In order for there to be confidentiality in the delivery of survivor advocacy services, we are searching for a licensed, credential individual to serve as a temporary program coordinator during this transition period.
Are there confidential resources on campus anymore?
Confidential resources exist on campus through Counseling and Psychological Services (CPS) and Campus Care.
It is important to know there is no wait at CPS for someone in crisis and there is no cost to someone in crisis to use CPS (ie. initial intakes and emergencies after-hours have no charges). CPS has no additional costs to first-year students as all services are included in The OHIO guarantee. Sophomores, juniors and seniors who have paid the wellbeing fee can access CPS for on-going services.
If someone calls CPS during normal business hours, a receptionist will answer the phone and encourage them to come to walk-in hours. After hours, the phone is answered by a licensed therapist.
Is the University still in compliance with Title IX requirements?
Yes. The U.S. Department of Education’s written guidance about Title IX compliance allows for the designation of confidential resources for survivors. Ohio University has maintained access to confidential resources through this transition with counselors and staff at the Counseling and Psychological Services and Campus Care. Any survivor who contacts SAP by telephone or website will see referral information to CPS and a 24//7 Crisis Intervention Service (740-593-1616) where the survivor will speak to a licensed and trained counselor.
In addition, it is important to note that a student who reports sexual assault, relationship violence, and stalking to the Office of Equity and Civil Rights Compliance, Ohio University’s Title IX Office, has the right to request confidentiality. Ohio University will make every effort to honor a complainant’s request for confidentiality. In circumstances where there is risk of further violence against the complainant, or behavior that puts the larger campus community at risk, it may not be possible for the Title IX office to grant confidentiality. It should be noted that honoring the request for confidentiality may limit ability of Ohio University to respond fully to the incident, including pursuing disciplinary action against the respondent. This is because the respondent must be informed of the details of the alleged violation and must be given an opportunity to respond in an adjudicative process prior to disciplinary action.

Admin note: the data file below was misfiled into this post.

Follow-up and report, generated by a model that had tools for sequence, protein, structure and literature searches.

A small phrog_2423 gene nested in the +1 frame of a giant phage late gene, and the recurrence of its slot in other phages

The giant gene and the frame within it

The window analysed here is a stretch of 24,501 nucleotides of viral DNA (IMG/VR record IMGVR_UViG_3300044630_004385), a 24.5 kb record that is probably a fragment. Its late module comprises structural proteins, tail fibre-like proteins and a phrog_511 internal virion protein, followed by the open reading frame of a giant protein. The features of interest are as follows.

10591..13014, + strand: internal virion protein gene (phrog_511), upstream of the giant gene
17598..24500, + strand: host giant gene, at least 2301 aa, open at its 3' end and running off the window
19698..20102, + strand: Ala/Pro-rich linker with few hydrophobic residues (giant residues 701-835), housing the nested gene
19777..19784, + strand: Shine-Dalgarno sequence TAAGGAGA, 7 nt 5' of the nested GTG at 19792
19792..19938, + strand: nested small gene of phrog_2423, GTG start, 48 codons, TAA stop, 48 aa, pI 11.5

Complainants who pursue action through the university adjudicative process will receive protection from retaliation, may request a no-contact directive, and will be offered appropriate academic and housing accommodation.
Was there a lapse in confidential resources between the program coordinator's departure and the Monday, Oct. 19 announcement of transition plans for OUSAP?
No. The OUSAP hotline was set to automatically refer people to the Counseling and Psychological Services Crisis Intervention Service (740-593-1616) over the weekend between Friday (the program coordinator's last day) and Monday (the day of the announcement). With this referral in place, there was no lapse in confidential resources available to students.
Shari Clarke, vice provost for Diversity and Inclusion, shared this open letter with the University community on October 23, 2015.
The following message was sent to the Ohio University community on October 19, 2015.